Toxic California Cleanup Settled for $55 Million

     (CN) – As former owners of a Los Angeles rubber plant that has not been active in decades, the U.S. government and Shell Oil reached a $55 million settlement Tuesday.
     The settlement and complaint appeared simultaneously Tuesday night in Los Angeles federal court.
     Announcing the deal today, the U.S. Environmental Protection Agency said the money will go toward cleaning up contaminated soil at the Del Amo Superfund Site.
     Stretching across 280 acres of Los Angeles, the Del Amo facility was the site of a synthetic rubber manufacturing plant that the Defense Plant Corp. and Rubber Reserve Co. built in the 1940s.
     The U.S. General Services Administration inherited liability for the conduct of those government entities up until Shell bought the site in 1955,
     In the decades since operations ceased in 1972, tests have found contamination of soil and groundwater.
     Regulators say the companies used benzene, propane, butylene and butane to produce synthetic rubber, then disposed of the chemicals in unlined pits and ponds that they covered with soil.
     The EPA put the Del Amo Superfund Site on its National Priorities List in 2002.
     It says the “cleanup work will prevent surface exposure of industrial chemicals and reduce sources of groundwater contamination.”
     For the next three to five years, “the cleanup will involve injecting chemicals into the ground … to accelerate the breakdown of the contamination deep within the soil.”
     The government will also use a vacuum system tp extract and filter harmful vapors trapped within the soil.
     Concrete and asphalt will cover other areas to prevent exposure, and the government is also increasing ventilation or adding floor sealants in a building
     “To date, extensive investigations and cleanup actions have been performed at the Del Amo Superfund Site, including the construction of a multi-layer impermeable cap, soil-vapor extraction and a treatment system at the waste pits, and construction of a groundwater extraction and treatment system,” the EPA said in a statement. “In addition, during the spring of 2015, EPA conducted indoor vapor intrusion testing at 107 homes in the area of the Del Amo and nearby Montrose Superfund Sites as part of an ongoing investigation.”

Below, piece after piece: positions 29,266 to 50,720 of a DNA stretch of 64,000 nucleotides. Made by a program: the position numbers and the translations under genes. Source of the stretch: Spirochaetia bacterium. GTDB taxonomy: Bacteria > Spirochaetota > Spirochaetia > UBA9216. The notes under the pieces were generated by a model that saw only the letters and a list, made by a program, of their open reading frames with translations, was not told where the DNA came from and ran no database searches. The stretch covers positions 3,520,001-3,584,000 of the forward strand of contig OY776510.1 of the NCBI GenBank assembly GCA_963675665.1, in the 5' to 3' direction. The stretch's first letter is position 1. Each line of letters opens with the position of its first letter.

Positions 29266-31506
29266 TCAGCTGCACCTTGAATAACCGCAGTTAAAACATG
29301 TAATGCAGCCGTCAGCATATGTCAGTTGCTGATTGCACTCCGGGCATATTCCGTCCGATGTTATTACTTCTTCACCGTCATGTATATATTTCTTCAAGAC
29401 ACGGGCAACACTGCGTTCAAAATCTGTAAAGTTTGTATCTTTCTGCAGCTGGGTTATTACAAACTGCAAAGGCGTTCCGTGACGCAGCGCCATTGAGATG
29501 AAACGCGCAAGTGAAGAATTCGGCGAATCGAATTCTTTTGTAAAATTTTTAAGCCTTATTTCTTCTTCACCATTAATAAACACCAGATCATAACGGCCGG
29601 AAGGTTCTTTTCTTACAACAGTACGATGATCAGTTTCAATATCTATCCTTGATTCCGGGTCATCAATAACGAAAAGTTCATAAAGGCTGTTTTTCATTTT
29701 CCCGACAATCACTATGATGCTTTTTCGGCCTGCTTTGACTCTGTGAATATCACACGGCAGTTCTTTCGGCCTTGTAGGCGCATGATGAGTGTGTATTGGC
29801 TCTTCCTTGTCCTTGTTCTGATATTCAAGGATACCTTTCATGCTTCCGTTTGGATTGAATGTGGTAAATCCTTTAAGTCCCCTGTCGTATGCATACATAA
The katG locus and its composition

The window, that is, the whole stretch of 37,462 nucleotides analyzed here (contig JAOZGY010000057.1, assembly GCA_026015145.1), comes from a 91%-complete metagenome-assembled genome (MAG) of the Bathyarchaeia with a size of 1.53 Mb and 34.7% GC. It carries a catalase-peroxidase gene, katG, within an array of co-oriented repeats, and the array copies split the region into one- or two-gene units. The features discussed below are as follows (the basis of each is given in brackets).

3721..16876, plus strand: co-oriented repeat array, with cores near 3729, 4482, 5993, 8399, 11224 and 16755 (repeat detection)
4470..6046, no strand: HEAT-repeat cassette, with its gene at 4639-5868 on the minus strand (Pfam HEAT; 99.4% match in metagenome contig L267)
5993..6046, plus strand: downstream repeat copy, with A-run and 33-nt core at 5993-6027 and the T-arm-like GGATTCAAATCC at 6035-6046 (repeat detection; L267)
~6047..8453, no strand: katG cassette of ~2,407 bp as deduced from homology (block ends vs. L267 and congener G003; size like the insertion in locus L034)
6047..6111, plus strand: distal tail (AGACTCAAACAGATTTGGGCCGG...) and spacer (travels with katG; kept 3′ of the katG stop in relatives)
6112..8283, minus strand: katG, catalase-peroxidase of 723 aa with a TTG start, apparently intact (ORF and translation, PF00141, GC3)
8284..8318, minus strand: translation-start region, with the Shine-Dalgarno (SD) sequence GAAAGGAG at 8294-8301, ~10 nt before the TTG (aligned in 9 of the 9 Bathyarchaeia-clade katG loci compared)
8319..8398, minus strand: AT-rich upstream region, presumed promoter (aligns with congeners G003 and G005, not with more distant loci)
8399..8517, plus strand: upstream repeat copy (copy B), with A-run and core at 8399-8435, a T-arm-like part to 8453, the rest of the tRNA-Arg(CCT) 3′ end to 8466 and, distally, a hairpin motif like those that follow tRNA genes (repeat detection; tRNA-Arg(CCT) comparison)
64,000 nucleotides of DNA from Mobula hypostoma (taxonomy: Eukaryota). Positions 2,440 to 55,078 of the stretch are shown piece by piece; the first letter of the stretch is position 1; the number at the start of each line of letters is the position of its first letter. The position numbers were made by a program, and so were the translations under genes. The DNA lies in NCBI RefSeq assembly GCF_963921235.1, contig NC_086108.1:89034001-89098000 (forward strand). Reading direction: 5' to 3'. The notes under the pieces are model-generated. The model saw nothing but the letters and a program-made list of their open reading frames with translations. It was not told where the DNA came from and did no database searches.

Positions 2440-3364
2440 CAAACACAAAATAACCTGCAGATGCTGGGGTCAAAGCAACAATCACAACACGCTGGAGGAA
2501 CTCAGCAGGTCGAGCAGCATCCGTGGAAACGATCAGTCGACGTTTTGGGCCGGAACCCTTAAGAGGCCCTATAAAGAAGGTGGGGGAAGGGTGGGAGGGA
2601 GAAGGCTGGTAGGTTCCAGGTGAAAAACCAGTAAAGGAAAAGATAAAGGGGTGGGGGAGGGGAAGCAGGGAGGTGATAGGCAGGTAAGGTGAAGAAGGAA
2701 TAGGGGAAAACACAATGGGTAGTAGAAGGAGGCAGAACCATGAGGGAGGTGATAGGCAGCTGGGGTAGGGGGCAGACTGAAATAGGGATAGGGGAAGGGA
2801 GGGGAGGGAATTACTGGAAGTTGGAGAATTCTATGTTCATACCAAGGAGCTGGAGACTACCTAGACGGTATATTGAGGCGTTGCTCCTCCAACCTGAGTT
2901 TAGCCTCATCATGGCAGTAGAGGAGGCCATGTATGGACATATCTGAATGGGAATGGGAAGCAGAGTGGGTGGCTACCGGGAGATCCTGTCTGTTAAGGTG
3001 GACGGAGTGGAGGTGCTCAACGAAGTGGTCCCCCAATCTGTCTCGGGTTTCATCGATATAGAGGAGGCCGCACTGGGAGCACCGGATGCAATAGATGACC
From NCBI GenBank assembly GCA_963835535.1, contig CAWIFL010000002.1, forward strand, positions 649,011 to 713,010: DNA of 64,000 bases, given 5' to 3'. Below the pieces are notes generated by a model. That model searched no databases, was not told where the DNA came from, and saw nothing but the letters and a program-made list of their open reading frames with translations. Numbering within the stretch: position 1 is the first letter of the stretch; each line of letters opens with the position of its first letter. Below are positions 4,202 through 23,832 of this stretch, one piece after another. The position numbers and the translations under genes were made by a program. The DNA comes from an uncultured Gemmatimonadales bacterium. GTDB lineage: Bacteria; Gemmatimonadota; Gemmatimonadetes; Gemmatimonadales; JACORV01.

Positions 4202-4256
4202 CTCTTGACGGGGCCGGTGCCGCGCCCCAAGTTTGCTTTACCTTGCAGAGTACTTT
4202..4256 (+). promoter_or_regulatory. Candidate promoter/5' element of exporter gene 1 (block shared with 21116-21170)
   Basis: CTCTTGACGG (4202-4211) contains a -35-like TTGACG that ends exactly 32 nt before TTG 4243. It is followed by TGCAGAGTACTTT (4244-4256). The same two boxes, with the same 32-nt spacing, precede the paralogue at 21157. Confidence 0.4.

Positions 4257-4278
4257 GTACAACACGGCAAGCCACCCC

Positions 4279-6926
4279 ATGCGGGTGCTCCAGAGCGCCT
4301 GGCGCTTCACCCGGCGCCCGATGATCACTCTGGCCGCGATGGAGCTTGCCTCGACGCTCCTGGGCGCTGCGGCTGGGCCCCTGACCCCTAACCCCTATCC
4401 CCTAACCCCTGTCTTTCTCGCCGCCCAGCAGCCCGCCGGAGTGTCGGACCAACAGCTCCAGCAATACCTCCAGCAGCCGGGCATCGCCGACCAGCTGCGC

The settlement is subject to a 30-day public comment period and final court approval.
     Also on Wednesday, the EPA finalized settlement plans across the country, regarding a Superfund site in New Jersey.
     The site in Gibbsboro and Voorhees, N.J., includes a former Sherwin-Williams paint-manufacturing plant and the waters of Hilliards Creek, which flow into Kirkwood Lake.
     Regulators say the soil and the groundwater beneath the former paint-manufacturing site are contaminated with lead, arsenic and volatile organic compounds. Sediment in and near Hilliards Creek are contaminated with lead and arsenic.
     A record of decision that the EPA published Wednesday “calls for the removal of contaminated soil from approximately 33 residential properties in Gibbsboro and Voorhees.”
     The EPA held a public meeting in Gibbsboro, N.J., on June 11, and the agency accepted public comments for 60 days.
     Gibbsboro and Voorhees are also home to the Route 561 dump site and the U.S. Avenue Burn Superfund site.
     Regulators say Hilliards Creek, Kirkwood Lake, the Gibbsboro Nature Preserve and residential areas have been impacted and require a cleanup.
     Cleaning up the residential areas affected by these sites is expected to cost $14 million, according to a statement from the EPA.

%d bloggers like this: